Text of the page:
Analysis of Theme for English B by Langston Hughes Essay

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Langston Hughes was an African American poet and author who joined other black artists to break literary barriers during the civil rights movement. The poem entitled "Theme for English B" was written thirty years or so after the birth of the Harlem Renaissance, but still embodies why the Renaissance had originated in the first place. I believe this poem reflected on Hughes' life in general, but more importantly on the fight against the ignorance that created discrimination.

James Mercer Langston Hughes was born February 1st, 1902 in the town of Joplin Missouri. Being the great-great-grandson of the first African American to be put into public office, one could say that Hughes was destined to make his own mark in society. The
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The Great Depression had come knocking, which lead to the associations supporting the cause to turn their heads to social and economic issues. Even though the movement had ended, the amount of writings in print was amazing. Between the 1920's and the early 30's more than fifty works of poetry and fiction were published. This was a huge accomplishment for African American artists as well as the National Association for the Advancement of Colored People.

Hughes was a key player during the Harlem Renaissance. In 1921 he wrote a poem called "Negro Speaks of Rivers" which was published in Crisis magazine before jumping on ship to West Africa and Europe as a steward on a cargo boat. This was Hughes' first published work. After his travels, Langston became a busboy where he was founded. He had left a collection of poems with poet Vachel Lindsay who immediately saw the literary skill and helped publish Hughes' work.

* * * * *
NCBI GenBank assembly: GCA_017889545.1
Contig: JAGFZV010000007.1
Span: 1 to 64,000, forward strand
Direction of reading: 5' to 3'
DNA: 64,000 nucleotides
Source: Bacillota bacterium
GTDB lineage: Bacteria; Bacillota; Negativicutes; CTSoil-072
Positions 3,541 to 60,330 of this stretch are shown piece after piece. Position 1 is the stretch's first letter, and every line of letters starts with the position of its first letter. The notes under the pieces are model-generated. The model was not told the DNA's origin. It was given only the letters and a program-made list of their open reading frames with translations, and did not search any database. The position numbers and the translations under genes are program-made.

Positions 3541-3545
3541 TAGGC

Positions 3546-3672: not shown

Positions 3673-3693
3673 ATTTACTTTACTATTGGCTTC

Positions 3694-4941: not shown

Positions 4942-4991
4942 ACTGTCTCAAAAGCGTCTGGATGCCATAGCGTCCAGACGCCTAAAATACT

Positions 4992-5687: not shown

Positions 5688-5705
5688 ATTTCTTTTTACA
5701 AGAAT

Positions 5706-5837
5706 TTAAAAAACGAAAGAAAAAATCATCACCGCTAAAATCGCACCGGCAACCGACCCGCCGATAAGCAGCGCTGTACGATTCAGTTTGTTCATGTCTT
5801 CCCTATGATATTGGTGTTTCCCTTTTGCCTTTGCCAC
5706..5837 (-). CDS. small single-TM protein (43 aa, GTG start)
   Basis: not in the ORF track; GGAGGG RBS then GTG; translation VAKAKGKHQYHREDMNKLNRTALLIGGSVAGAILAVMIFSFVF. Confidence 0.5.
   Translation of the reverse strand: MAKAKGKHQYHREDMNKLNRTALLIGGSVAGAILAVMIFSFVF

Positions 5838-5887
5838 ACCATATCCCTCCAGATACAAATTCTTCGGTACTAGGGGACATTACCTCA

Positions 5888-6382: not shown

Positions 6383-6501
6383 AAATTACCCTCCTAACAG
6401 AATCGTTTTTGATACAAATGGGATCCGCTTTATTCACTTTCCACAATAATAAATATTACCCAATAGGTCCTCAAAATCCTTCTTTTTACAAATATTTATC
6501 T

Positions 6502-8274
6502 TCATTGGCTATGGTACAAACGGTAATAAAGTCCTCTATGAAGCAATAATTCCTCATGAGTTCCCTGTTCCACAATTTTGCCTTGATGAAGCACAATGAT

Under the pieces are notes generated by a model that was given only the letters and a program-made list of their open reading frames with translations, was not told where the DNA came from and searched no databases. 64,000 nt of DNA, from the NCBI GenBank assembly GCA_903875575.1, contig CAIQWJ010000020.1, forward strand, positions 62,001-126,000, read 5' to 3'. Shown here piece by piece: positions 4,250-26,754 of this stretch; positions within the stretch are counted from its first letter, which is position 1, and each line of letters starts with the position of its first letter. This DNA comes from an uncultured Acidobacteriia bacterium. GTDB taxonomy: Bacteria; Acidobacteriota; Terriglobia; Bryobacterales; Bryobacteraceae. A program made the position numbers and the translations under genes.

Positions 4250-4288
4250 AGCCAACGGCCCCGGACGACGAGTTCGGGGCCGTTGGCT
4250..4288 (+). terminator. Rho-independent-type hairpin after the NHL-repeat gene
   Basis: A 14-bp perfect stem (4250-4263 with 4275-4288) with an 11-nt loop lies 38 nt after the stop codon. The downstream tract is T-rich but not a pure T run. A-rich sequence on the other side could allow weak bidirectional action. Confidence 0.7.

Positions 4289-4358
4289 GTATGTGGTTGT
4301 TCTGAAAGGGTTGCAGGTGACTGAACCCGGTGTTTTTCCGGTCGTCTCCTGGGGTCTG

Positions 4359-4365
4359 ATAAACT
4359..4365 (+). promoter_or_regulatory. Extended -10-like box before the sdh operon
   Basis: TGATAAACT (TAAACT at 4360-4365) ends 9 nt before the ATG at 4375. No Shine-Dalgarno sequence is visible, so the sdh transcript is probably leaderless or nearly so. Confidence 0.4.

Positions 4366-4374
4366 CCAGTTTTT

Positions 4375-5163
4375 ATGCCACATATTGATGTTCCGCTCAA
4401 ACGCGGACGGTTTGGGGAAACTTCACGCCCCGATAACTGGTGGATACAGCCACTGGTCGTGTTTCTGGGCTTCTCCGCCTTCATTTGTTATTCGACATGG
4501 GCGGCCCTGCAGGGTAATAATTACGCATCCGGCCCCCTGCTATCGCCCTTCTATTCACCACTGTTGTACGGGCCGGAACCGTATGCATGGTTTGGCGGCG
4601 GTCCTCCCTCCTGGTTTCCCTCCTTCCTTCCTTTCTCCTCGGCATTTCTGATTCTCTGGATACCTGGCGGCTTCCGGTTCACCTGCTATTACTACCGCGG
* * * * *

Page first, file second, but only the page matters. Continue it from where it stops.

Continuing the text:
With the help of a scholarship, Hughes attended Lincoln University to pursue his writing career. While in school, he published his first volume of poetry as well as writing the poem "The Weary Blues", which was a look at ghetto life . Hughes' poems differed from other poets because he associated his words with music. He combined blues and jazz rhythms and worked them into his poetry. Something unheard of before Hughes set the standard. This new type of
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